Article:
Updated: Mar 1, 2020
This article explores why sensible risk management, rather than compliance, is needed to manage health & safety risks and bring about exemplary health and safety performance.
As I sat down, I asked him; "Is health & safety a barrier for your business?" Without hesitation, he said, "Absolutely, yes, health and safety is a barrier for my business." I wasn't surprised, I expected this response. Not because he is one of those managers who think health & safety is an additional burden to business but because he gets it. He understands that complying with "safety rules", which do not contribute to delivering a safer workplace, is actually doing the safety brand a disservice and it is a barrier.
“Dam Rules” the sign read, and it was damn funny. The sign had been written by an American Soldier during the Iraq War in 2004. The sign was posted on the Haditha Dam wall, West of Baghdad. On it was written: “Safety rules to live by". Behold, there it was, clear as day, all personnel are required to wear a PT belt whilst inside the "wire". For years the PT belt safety requirement had been the joke of the US Military. The requirement to wear the PT belt was making a mockery of safety. To put you in the picture - the “PT belt” is a reflective belt worn around the waist of American Soldiers during physical training. According to the literature, the PT belt was the result of a horrible incident at Lackland Air Force Base, in 1996, in which several airmen were struck by a moving vehicle during a morning run. Originally the belt was intended to be worn during Physical Training (PT) after dark, this control measure perhaps makes a little sense. However, this response was typical of a knee jerk reaction. Traffic or pedestrian controls may have been better controls altogether. When safety went mad, however, was when troops were ordered to wear the PT belts at all times, when moving around on bases. No one seems to know who ordered this but it seems it must have been the "Good-Idea Fairies", The US Navy SEALs warns us against these “fairies”.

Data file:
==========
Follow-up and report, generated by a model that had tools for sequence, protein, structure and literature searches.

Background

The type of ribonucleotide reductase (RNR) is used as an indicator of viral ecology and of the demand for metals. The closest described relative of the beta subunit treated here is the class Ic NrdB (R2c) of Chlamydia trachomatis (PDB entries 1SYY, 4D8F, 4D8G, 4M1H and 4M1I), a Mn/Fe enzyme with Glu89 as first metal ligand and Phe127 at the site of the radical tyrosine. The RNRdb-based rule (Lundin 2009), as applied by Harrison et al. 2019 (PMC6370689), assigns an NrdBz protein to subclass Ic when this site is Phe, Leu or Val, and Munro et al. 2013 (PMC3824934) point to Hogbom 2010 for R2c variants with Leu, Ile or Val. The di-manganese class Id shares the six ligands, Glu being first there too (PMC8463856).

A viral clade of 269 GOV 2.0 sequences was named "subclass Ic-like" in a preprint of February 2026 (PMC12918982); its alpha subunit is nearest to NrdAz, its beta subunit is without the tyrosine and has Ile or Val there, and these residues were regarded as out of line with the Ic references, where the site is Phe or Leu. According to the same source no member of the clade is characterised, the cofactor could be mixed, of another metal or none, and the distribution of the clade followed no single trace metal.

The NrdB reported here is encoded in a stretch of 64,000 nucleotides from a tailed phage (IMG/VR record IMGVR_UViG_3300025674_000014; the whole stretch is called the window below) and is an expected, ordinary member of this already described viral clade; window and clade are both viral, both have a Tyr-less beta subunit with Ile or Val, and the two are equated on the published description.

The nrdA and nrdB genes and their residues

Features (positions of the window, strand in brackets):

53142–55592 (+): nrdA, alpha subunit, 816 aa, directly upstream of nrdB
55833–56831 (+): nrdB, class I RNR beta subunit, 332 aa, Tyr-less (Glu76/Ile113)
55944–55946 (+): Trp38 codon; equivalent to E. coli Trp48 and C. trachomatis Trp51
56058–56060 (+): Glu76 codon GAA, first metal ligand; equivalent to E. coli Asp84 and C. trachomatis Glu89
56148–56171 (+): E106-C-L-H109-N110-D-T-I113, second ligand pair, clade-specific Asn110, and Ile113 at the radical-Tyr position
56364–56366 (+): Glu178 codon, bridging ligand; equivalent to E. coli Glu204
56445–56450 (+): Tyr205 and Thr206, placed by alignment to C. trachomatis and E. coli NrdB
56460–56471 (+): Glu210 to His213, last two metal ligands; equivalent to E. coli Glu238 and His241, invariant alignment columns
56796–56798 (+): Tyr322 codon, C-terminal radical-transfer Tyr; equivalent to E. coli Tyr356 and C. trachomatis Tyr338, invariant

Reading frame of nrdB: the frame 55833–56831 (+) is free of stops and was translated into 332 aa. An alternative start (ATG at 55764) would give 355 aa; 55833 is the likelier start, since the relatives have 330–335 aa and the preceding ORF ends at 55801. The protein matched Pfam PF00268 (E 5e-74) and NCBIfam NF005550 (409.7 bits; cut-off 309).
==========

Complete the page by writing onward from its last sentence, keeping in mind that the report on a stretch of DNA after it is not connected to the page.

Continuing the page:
And then the PT belt went to war! The absurdness of wearing a reflective belt in a combat zone still amazes me even after all these years. In a combat environment, the last thing you want is a reflective belt. No wonder the satirical duffel blog took aim at the PT belt for years.
“I am a reflective belt of the United States of America. I stand for safety, but more for hate and discontent.” The Duffel Blog
If this happens in the World of Safety of Uncle Sam, then it is no wonder that safety has become a joke in regular business too and compliance stands accused for sure. I'm not talking compliance with legal requirements or with safety which actually saves lives, like the requirement of fall restraint or fall arrest systems when working at height. I am referring to the type of compliance which “stands” for safety but breeds disgust and discontent.
In 2019, twenty-three years after the Lackland Air Force Base incident, finally someone (the Army secretary) questioned the absurd rule and deemed it absolutely useless to wear PT belts during daytime activities. Hopefully, common sense prevails and the Army will look at more practical ways to protect pedestrians, like ground guides, pedestrian walkways, traffic lights, etc. PT belts are still required after dark but only where there is a risk of being run over by vehicles and there’s no practical way of managing the risk. This Risk-based approach makes more sense than a blanket rule which breaks down the safety brand and relegating it to the fairy box.